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Covid R rate as high as 1.4 as Boris considers delaying Freedom Day

Covid r rate
England Covid R rate has jumped to between 1.2 and 1.4 (Picture: Getty)

England’s Covid R rate is now firmly above 1 after it jumped to between 1.2 and 1.4 this week.

It is the latest sign that the country is now at the start of a third wave of the pandemic and will place further pressure on Boris Johnson to delay easing lockdown.

R hasn’t been this high since January 15, when the country was in the midst of the deadly second wave.

The latest estimates by Sage also show that England now has a growth rate of between 3 and 6%, which means the number of infections is growing by this much every day.

All indicators show the pandemic is worsening, despite the country’s world-leading vaccine roll-out.

Earlier the Office for National Statistics released new stats which showed around one in 560 people in England had Covid in the week to June 5 – up from one in 640 in the previous week.

Meanwhile, Public Health England data showed cases of the Delta variant – first detected in India – have soared by nearly 30,000.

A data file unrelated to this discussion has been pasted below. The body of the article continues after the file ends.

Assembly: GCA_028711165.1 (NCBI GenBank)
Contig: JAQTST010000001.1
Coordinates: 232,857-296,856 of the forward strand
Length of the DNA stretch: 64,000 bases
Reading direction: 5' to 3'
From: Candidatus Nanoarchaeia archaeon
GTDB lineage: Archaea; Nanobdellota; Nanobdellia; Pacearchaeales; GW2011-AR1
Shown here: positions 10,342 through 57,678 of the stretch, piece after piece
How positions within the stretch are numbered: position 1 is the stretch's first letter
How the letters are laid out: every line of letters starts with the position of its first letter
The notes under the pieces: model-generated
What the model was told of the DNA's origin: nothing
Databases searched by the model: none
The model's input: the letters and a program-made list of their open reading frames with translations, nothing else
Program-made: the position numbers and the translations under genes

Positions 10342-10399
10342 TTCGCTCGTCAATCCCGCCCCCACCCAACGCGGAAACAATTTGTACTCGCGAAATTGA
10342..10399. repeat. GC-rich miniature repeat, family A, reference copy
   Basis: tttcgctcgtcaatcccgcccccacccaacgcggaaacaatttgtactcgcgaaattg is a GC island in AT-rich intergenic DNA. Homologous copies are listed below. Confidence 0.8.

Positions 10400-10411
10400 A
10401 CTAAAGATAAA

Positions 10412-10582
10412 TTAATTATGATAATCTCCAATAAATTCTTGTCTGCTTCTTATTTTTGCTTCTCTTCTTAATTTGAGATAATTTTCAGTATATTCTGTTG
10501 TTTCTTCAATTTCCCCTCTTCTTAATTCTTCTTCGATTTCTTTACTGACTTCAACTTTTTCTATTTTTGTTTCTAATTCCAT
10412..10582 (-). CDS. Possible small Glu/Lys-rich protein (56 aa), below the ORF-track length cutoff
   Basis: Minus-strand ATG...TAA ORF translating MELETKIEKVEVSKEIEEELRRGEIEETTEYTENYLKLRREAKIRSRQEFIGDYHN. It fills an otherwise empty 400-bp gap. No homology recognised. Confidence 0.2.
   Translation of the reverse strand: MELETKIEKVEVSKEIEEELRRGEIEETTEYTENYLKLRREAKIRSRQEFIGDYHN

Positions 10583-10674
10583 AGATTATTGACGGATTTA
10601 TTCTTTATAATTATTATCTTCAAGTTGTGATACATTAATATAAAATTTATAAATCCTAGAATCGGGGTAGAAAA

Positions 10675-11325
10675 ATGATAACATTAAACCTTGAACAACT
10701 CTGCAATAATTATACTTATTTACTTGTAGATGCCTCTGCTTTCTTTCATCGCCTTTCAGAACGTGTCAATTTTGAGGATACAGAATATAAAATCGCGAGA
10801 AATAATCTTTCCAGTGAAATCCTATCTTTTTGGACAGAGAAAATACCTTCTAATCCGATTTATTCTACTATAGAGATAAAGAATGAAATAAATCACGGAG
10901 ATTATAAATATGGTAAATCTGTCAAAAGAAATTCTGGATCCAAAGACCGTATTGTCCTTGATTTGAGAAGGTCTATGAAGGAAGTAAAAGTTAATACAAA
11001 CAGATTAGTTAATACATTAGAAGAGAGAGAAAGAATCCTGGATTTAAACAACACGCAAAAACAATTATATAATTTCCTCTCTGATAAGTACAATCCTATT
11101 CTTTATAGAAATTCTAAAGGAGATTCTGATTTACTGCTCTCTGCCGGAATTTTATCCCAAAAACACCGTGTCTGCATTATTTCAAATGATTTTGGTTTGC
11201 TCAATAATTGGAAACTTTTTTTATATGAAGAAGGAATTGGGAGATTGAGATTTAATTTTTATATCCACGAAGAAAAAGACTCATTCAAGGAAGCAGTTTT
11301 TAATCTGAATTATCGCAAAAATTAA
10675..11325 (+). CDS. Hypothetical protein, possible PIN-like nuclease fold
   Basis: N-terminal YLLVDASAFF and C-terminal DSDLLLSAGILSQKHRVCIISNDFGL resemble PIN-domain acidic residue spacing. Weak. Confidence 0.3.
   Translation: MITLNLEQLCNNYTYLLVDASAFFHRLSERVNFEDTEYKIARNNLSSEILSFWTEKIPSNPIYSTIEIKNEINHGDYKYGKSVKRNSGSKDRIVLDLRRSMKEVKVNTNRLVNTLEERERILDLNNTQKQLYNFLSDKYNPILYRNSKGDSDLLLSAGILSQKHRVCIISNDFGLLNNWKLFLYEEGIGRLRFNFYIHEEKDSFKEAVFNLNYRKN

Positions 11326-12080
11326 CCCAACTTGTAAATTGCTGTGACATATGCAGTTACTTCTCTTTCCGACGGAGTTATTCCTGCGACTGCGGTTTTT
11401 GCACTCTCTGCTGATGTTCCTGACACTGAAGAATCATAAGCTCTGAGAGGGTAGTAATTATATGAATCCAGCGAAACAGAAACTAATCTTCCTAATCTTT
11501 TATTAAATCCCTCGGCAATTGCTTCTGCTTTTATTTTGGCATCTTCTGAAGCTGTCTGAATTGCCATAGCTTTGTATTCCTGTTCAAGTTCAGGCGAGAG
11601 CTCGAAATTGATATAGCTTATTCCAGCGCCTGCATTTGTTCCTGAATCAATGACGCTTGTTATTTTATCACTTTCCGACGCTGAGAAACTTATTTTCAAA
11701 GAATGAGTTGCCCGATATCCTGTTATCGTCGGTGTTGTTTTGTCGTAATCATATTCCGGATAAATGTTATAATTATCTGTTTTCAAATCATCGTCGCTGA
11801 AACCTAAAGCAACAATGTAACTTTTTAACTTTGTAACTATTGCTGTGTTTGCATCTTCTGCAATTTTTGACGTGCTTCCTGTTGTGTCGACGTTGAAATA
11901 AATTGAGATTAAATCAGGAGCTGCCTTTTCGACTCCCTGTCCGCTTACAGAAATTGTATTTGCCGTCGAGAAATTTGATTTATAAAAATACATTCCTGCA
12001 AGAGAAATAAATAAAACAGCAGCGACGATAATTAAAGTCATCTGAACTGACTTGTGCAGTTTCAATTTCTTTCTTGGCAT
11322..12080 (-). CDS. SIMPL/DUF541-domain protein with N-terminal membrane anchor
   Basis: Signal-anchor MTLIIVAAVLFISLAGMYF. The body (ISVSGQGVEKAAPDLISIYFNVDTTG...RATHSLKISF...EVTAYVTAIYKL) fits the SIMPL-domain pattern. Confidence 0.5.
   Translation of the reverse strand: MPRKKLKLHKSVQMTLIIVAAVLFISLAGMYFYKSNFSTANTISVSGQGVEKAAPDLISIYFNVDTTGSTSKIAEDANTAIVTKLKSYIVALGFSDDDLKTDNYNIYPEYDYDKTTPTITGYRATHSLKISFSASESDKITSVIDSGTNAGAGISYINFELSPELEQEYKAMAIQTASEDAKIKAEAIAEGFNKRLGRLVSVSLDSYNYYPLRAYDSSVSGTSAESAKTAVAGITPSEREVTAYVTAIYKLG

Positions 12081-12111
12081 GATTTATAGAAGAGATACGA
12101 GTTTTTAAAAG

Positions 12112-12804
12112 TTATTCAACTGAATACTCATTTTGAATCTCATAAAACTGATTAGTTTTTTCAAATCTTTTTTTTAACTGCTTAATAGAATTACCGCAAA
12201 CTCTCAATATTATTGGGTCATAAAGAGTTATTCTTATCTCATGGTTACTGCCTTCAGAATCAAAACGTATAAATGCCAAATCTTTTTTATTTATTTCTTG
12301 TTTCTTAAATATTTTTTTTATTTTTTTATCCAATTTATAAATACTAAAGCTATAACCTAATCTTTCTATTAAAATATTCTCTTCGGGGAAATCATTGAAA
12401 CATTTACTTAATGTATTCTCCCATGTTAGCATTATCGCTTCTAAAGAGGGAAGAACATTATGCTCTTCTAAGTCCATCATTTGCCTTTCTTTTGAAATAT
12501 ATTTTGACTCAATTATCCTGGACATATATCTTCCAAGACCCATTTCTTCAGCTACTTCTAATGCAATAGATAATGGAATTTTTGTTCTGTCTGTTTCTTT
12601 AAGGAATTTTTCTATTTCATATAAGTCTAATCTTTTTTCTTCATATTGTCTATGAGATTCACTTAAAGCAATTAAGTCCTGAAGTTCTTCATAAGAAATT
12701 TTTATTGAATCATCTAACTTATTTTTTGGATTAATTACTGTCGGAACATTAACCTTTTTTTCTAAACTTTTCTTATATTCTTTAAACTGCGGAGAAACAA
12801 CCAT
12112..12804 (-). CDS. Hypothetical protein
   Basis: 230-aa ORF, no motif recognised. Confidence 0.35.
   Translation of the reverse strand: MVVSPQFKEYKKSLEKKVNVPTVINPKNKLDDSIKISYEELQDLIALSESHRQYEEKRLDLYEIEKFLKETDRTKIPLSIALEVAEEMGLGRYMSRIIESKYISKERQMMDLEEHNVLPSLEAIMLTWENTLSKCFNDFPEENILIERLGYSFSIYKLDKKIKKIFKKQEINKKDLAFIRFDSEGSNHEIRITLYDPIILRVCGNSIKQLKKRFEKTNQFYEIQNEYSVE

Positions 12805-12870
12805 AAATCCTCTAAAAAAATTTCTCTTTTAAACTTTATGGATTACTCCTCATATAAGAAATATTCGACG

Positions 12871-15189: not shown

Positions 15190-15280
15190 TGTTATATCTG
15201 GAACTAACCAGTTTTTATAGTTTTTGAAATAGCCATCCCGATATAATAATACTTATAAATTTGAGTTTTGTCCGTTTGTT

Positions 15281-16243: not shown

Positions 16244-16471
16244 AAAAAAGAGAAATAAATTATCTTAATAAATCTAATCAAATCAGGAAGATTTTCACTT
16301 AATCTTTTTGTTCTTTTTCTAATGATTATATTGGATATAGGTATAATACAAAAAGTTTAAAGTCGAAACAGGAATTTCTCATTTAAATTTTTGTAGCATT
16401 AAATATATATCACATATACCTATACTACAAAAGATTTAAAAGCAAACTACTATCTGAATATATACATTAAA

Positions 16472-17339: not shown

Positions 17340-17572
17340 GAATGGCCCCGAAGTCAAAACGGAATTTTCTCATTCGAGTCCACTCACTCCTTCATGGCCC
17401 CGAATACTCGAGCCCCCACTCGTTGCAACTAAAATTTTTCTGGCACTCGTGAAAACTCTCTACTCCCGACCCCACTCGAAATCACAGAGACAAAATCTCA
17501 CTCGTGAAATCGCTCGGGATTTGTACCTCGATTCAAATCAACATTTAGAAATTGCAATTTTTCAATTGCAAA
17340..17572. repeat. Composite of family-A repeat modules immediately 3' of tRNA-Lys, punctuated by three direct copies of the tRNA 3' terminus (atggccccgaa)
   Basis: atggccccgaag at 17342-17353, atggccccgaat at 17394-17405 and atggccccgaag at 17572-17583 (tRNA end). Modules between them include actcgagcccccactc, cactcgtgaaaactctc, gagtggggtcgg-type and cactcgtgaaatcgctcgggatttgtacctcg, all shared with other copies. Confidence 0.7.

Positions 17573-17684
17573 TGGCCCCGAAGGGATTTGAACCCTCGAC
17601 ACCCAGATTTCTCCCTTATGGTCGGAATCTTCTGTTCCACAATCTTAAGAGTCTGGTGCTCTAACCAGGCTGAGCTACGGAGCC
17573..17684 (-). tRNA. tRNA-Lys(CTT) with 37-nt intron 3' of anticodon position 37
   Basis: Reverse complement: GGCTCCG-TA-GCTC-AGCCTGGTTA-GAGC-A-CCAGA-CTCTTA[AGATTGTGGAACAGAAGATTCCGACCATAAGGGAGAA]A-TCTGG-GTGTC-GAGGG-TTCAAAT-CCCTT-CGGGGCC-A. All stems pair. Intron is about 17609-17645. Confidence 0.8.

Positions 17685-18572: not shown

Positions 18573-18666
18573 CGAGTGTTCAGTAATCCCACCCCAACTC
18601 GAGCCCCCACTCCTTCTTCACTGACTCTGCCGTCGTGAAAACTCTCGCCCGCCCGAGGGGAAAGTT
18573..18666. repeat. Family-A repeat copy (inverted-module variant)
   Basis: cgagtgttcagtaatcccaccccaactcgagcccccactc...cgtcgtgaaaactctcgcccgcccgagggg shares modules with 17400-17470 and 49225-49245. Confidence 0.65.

The number of cases in parts of England are doubling within 4.5 days while the variant now accounts for 90% of all cases.

England Covid R rate jumps to between 1.2 and 1.4
England ‘s Covid R rate is the highest its been since mid-January

Boris Johnson is expected to announce on Monday whether ‘freedom day’ on June 21 will be able to go ahead.

Experts and politicians have cautioned the PM to re-think the roadmap in light of the worsening situation.

Reports say he is considering delaying the ending of restrictions by four weeks.

Lib Dem MP Layla Moran, chairwoman of the All-Party Parliamentary Group (APPG) on Coronavirus, said: ‘These figures should set alarm bells ringing in Government as we approach the June 21.

‘The Government must immediately explain to the public whether this exponential growth suggests the country is in line for a severe third wave, and if so what it is doing to prevent this.

People walk past a social distancing marker following the outbreak of the coronavirus disease (COVID-19) in Bolton, Britain, September 23, 2020. Picture taken September 23, 2020. To match Special Report HEALTH-CORONAVIRUS/BRITAIN-NEWWAVE REUTERS/Phil Noble
Social distancing measures may be needed beyond June 21 (Picture: Reuters)

‘As well as hospitalisations and deaths, ministers need to consider the debilitating impact of long Covid which is already affecting an estimated one million people.

‘Simply letting this highly contagious strain of the virus rip through unvaccinated younger people risks leaving more with long Covid and creating a ticking time bomb for our NHS.’

Earlier, Vaccines minister Nadhim Zahawi stressed the importance of being ‘really careful’ of ‘hard fought gains’ would be squandered.

He told Times radio: ‘The virus hasn’t gone away, the virus will continue to attempt to mutate, to escape, to try and survive, and I think it’s really important that we are really careful.’

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